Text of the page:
Replacing a JSON Message Converter With MessagePack

You may be using JSON to transfer data (we were using it in our message queue). While this is good, it has the only benefit of being human-readable. If you don’t care about readability, you’d probably want to use a more efficient serialization mechanism. Multiple options exist: protobuf, MessagePack, protostuff, java serialization. The easiest of them to use is java serialization, but it is less efficient (with both memory and time) than the other solutions. There are some benchmarks that will help you choose the most efficient solution, but if you want it to be easy and almost drop-in replacement to your JSON solution, MessagePack might be the best option.

I made a simple test to compare the JSON output to the MessagePack output in terms of size: 2300 vs 150 bytes for a simple message. Pretty good reduction, and if the messages are a lot, it’s a must to optimize.

However, you need to register all classes in the message pack. There are two options:

  • use @Message on all the objects in the serialized graph. This is a bit tedious, especially if you already have a lot of classes that are transferred. You have to go through the whole graph
  • you can manually register all classes with the mesagpack. Again tedious, because you also have to register all classes that the message class contains as a field (recursively)

That’s why I wrote the following code to loop all our message classes, and register them with the message pack on startup. It partly relies on spring classes, but if you are not using spring, you can replace them:

    private MessagePack serializer = new MessagePack();
	private ClassMapper classMapper = new DefaultClassMapper();
	public void init() {
		// we need to find all messages, and register their classes, and also all their fields' recursively
		ClassPathScanningCandidateComponentProvider provider = new ClassPathScanningCandidateComponentProvider(false);
		Set<BeanDefinition> classes = provider.findCandidateComponents("");
                // hacking MessagePack to allow Set handling
		Field fld = ReflectionUtils.findField(MessagePack.class, "registry");
		TemplateRegistry registry = (TemplateRegistry) ReflectionUtils.getField(fld, serializer);
		registry.register(Set.class, new SetTemplate(new AnyTemplate(registry)));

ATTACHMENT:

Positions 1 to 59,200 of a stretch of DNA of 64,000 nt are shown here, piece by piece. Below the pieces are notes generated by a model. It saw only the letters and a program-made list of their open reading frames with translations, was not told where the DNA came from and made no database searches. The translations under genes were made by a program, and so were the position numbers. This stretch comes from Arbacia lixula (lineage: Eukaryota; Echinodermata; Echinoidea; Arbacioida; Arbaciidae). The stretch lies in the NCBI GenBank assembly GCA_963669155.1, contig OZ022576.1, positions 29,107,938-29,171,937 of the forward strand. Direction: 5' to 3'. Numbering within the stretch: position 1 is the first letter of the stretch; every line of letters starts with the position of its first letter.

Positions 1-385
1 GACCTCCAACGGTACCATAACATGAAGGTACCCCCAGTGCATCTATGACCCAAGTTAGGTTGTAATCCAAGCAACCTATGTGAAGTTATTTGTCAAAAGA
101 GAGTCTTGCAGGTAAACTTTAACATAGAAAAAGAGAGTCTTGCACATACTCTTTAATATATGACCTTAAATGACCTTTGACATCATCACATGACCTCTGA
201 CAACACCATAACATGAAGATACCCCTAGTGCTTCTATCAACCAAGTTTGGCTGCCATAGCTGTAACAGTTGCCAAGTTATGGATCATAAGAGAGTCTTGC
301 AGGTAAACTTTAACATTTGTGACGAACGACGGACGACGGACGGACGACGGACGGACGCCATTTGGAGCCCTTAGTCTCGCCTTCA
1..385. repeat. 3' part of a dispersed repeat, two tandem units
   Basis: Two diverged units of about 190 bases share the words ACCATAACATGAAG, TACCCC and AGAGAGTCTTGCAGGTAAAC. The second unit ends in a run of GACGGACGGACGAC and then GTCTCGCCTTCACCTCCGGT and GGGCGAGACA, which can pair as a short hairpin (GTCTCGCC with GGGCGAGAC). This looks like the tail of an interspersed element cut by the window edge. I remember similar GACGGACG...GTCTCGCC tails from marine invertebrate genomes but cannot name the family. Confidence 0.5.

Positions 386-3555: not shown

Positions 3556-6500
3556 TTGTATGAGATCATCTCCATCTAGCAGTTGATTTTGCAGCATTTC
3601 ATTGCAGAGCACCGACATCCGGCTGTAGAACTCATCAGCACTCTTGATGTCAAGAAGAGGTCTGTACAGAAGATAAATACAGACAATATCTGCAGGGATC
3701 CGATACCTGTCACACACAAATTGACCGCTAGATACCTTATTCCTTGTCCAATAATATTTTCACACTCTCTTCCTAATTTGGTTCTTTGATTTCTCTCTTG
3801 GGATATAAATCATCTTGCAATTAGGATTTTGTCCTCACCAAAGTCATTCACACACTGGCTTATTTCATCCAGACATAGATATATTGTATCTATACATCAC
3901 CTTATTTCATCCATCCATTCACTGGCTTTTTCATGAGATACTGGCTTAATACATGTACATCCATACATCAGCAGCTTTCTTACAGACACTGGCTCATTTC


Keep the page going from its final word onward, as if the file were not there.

registry.registerGeneric(Set.class, new GenericCollectionTemplate(registry, SetTemplate.class));
		try {
			for (BeanDefinition def : classes) {
				Class<?> clazz = Class.forName(def.getBeanClassName());
				registerHierarcy(clazz, serializer, Sets.<Class<?>>newHashSet());
		} catch (ClassNotFoundException e) {
			throw new IllegalStateException(e);
	private void registerHierarcy(Class<?> clazz, MessagePack serializer, Set<Class<?>> handledClasses) {
		if (!isEligibleForRegistration(clazz)) {
		Class<?> currentClass = clazz;
		while (currentClass != null && !currentClass.isEnum() && currentClass != Object.class) {
			for (Field field : currentClass.getDeclaredFields()) {
				registerHierarcy(field.getType(), serializer, handledClasses);
				// type parameters
				Type type = field.getGenericType();
				if (type instanceof ParameterizedType) {
					for (Type typeParam : ((ParameterizedType) type).getActualTypeArguments()) {
						// avoid circular generics references, resulting in stackoverflow
						Class<?> typeParamClass = (Class<?>) typeParam;
						if (!handledClasses.contains(typeParamClass)) {
							registerHierarcy(typeParamClass, serializer, handledClasses);
			currentClass = currentClass.getSuperclass();
		try {
		} catch (Exception ex) {
			logger.warn("Problem registering class " + clazz, ex.getMessage());

	private boolean isEligibleForRegistration(Class<?> clazz) {
		return !(clazz.isAnnotationPresent(Entity.class) || clazz == Class.class || Type.class.isAssignableFrom(clazz) || clazz.isInterface() || clazz.isArray() || ClassUtils.isPrimitiveOrWrapper(clazz) || clazz == String.class || clazz == Date.class || clazz == Object.class);

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